DUXBURY – The splendid snowy owls have been back at Duxbury Beach for some time now, and this past Thursday, amateur photographers and others hoping to spot them kept up a steady flow of cars up and down Gurnet Road.
The word had gone out from the Town of Duxbury beach operations office that everyone needed to show the owls some respect and not get too close.
"We are experiencing some folks whose exuberance for the owls is creating havoc," Gordon H. Cushing, the town's recreation director, said in a Jan. 5 update on the beach.
"Please remember to not harass the birds. Many times, you will see them at rest, and that is what they need. Please keep your distance and enjoy them respectfully. Stay out of all vegetation at all times."
That is just what the photographers did.
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Three people had set up their tripods on the road beyond the first crossover. Others were in a pull-off closer to Powder Point Bridge. They stayed in cars or stood quietly beside their tripods, looking through their cameras to the east. Near the bridge, a large owl was perched on an old abandoned utility pole. Beyond the crossover another owl was sitting on a dune post, moving its head slightly now and then.
Near the crossover, Linda Fuller, of Plymouth, said it was a privilege to be so close to the owl she spotted after walking and driving around.
"They're beautiful and I love taking photos of wildlife and being outdoors," she said.
Patriot Ledger photographer Greg Derr has photographed the owls in flight.
Fuller comes to the beach fairly often and has found this "a good year" for the owls and said Norman Smith, of the Audubon Owl Project, had released several at Duxbury.
"They don't all stay here, but there have been enough for us to photograph," Fuller said.
Cris Lattazi, executive director of Duxbury Beach Reservation, said that “folks drive from all over to catch a glimpse of snowy owls, the largest owl in North America. Duxbury Beach Reservation is very fortunate to have them during the colder months and we ask that the public respect their need to rest and feed while they are here.”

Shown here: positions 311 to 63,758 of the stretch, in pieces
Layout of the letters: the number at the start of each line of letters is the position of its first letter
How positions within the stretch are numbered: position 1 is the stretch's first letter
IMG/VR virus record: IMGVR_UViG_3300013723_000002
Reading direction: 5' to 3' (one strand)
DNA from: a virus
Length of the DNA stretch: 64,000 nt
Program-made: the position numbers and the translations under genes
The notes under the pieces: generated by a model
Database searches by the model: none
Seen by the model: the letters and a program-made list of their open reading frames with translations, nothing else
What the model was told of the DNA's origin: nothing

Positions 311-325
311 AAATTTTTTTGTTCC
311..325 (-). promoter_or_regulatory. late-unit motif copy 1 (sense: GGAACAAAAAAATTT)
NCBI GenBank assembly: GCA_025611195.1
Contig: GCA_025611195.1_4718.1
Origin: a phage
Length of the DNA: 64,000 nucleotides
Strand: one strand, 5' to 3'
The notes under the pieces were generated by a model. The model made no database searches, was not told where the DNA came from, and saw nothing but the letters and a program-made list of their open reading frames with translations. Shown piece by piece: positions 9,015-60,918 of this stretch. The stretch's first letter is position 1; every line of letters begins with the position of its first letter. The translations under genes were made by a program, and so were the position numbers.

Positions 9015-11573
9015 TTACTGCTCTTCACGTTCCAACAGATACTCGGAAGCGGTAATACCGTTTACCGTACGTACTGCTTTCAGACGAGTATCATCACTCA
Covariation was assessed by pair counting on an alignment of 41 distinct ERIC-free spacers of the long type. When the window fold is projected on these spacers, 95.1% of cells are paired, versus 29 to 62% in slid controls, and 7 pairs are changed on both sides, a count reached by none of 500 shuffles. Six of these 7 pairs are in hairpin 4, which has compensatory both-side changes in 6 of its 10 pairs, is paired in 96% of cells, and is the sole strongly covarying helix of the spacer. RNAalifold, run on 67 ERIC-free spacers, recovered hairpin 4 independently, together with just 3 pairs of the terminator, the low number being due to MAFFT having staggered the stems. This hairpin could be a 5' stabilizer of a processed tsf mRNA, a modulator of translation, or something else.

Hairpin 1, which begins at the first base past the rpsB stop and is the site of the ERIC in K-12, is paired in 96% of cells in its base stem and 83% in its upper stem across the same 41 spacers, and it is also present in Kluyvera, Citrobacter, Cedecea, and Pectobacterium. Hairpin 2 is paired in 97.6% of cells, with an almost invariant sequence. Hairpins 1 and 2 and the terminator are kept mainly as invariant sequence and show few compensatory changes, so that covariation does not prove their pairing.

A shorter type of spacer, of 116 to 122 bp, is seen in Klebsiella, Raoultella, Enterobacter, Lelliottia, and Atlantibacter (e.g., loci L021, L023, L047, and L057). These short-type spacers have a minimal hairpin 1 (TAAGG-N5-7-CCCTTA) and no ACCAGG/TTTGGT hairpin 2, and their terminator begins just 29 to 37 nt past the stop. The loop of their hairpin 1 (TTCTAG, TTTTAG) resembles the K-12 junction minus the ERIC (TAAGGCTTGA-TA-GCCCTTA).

Mass Audubon is working to protect snowy owls, the largest owl species in North America. On its website, it states that Smith, former director at the Blue Hills Trailside Museum, has been studying them since 1981. As part of his research, he attaches bands and transmitters to snowy owls at Logan Airport to track their travels.
Two weeks ago on a "Birds as a Pathway to Phenology" birding walk at the Daniel Webster Wildlife Sanctuary in Marshfield, Doug Lowry, adult learning specialist, and birding expert Sally Avery, of Cohasset, also pointed out the importance of not getting too close to snowy owls. None were seen on that walk but a blue heron handily swallowed a vole.
"One misconception is that the snowy owls come here because they are starving," Lowry said. "They are not starving."
The Blue Hills Trailside Museum has a number of stunning photographs and videos on its website along with tracking and migration maps.
As Cushing stated, "If you experience or witness an issue (bird in distress) and you feel you need to report this, please call the Beach Operations Administrator, Ryan Brown, at 781-934-7034 Ext. 2.
"Ryan will receive phone messages via email if he is out of the office and can respond. You may also call the supervisor on duty at 339-236-4183, Wednesday through Sunday, and leave a message.
"Let’s work together to insure these awesome wild birds have a safe and healthy visit to our beach."
Reach Sue Scheible at email@example.com.
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This article originally appeared on The Patriot Ledger: Keeping their distance, photographers enthralled by Duxbury snowy owls